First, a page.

Since the Aedes is the vector of all viral diseases quoted above, fighting it would mean to limit all of them. With male transgenic mosquitos, that when mating with infected females lead to a defective offspring, being able to cause large outages in mosquito populations. Some field experiences took place with mosquitos produced by Oxytec. We could produce them in industrial scale and control Aedes populations, but recently the company withdrew the idea of building a facility in Brazil.
The National Agency of Sanitary Surveillance (ANVISA) cannot decide whether obtaining transgenic mosquitos is or not under its competence and, as the best of Brazilian bureaucratic traditions, the process was left to rot deep inside a drawer. The National Biosafety Tech Commission (CTNBio) had already approved the use of these mosquitos. We try, but we cannot understand how national sanitary bureaucracy remains, depriving Brazilians from a biological method that seems so efficient to control Aedes, and at the same time, all viruses it transmits.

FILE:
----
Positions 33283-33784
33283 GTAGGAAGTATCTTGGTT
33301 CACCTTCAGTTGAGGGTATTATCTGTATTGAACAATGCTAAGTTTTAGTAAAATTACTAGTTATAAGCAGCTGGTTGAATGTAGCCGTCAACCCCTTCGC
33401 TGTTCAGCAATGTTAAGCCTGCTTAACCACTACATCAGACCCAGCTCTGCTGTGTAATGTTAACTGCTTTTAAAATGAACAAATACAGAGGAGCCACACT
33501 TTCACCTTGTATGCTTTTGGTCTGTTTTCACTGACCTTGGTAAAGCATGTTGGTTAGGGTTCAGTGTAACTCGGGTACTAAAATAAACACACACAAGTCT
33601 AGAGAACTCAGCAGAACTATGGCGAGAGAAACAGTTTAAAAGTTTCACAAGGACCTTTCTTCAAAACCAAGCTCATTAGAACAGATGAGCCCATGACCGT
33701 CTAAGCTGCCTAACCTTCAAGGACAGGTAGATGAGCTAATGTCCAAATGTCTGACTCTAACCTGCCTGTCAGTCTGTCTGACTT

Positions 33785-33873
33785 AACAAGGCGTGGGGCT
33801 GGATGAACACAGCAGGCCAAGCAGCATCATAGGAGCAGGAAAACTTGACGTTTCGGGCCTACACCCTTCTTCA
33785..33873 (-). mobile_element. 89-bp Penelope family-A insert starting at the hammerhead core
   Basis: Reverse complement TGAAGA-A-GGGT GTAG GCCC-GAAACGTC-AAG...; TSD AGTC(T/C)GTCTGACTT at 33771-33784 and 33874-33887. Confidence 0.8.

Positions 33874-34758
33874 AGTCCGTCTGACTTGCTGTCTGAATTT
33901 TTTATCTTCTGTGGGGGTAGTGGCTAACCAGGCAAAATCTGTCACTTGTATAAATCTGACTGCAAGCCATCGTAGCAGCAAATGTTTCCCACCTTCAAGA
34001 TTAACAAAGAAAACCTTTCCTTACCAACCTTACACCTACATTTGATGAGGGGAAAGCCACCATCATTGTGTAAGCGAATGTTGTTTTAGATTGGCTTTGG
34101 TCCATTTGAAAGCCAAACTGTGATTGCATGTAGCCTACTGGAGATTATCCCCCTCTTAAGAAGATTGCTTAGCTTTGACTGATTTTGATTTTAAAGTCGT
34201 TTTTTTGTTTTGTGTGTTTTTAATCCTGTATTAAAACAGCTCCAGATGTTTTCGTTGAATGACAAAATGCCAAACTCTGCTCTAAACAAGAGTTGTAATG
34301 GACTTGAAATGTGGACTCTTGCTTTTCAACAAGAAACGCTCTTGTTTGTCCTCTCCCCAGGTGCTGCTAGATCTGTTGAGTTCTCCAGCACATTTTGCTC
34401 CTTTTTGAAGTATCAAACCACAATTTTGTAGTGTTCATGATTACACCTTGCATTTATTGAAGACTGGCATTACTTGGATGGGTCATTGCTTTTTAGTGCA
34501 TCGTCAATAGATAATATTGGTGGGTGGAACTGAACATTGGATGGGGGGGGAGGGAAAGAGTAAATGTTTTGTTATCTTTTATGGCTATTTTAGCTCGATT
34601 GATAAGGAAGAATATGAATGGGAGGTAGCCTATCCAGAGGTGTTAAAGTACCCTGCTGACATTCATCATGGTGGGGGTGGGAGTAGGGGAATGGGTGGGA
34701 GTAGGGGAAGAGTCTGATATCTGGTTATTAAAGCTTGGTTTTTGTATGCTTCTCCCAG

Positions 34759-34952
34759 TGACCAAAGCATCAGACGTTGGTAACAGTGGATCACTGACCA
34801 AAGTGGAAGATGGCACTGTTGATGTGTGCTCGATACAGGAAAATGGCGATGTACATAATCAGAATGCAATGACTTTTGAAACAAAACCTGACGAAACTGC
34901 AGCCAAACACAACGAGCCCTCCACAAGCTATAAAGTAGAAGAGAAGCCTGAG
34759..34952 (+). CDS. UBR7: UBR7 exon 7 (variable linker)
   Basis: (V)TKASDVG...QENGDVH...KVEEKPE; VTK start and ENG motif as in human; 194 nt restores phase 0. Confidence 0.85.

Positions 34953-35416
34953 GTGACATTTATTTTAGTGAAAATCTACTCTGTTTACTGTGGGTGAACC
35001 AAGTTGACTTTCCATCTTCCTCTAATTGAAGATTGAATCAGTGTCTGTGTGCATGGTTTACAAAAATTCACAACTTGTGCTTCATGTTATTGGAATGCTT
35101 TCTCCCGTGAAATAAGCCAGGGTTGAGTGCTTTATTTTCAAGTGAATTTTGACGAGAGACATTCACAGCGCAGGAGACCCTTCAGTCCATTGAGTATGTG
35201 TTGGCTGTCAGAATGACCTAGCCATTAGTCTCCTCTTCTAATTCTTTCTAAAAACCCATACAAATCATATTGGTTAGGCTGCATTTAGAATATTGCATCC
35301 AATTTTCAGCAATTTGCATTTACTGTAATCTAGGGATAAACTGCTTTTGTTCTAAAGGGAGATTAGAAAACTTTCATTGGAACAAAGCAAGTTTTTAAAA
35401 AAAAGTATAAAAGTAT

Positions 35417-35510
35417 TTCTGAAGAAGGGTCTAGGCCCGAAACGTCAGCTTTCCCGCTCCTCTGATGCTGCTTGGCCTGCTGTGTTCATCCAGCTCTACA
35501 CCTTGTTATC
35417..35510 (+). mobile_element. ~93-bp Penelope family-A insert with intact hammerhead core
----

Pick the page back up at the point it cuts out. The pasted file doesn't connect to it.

Dengue, Chikungunya, Mayaro and Zika have similar symptoms, with slight variations. During all acute phases, the only way to perform accurate diagnostic is by laboratory tests. The immune tests are not difficult to perform, but are now always available when they should be. Moreover, while the viruses remain circulating they develop mutations that could have clinical relevance: one single change made it able to lead to all those cruelties in fetuses leading to microcephaly. Besides diagnostic, we must be equipped to assist the many children with after-effects, which is not an easy task and the Unified Health System (SUS) admits its weakness is rehabilitation.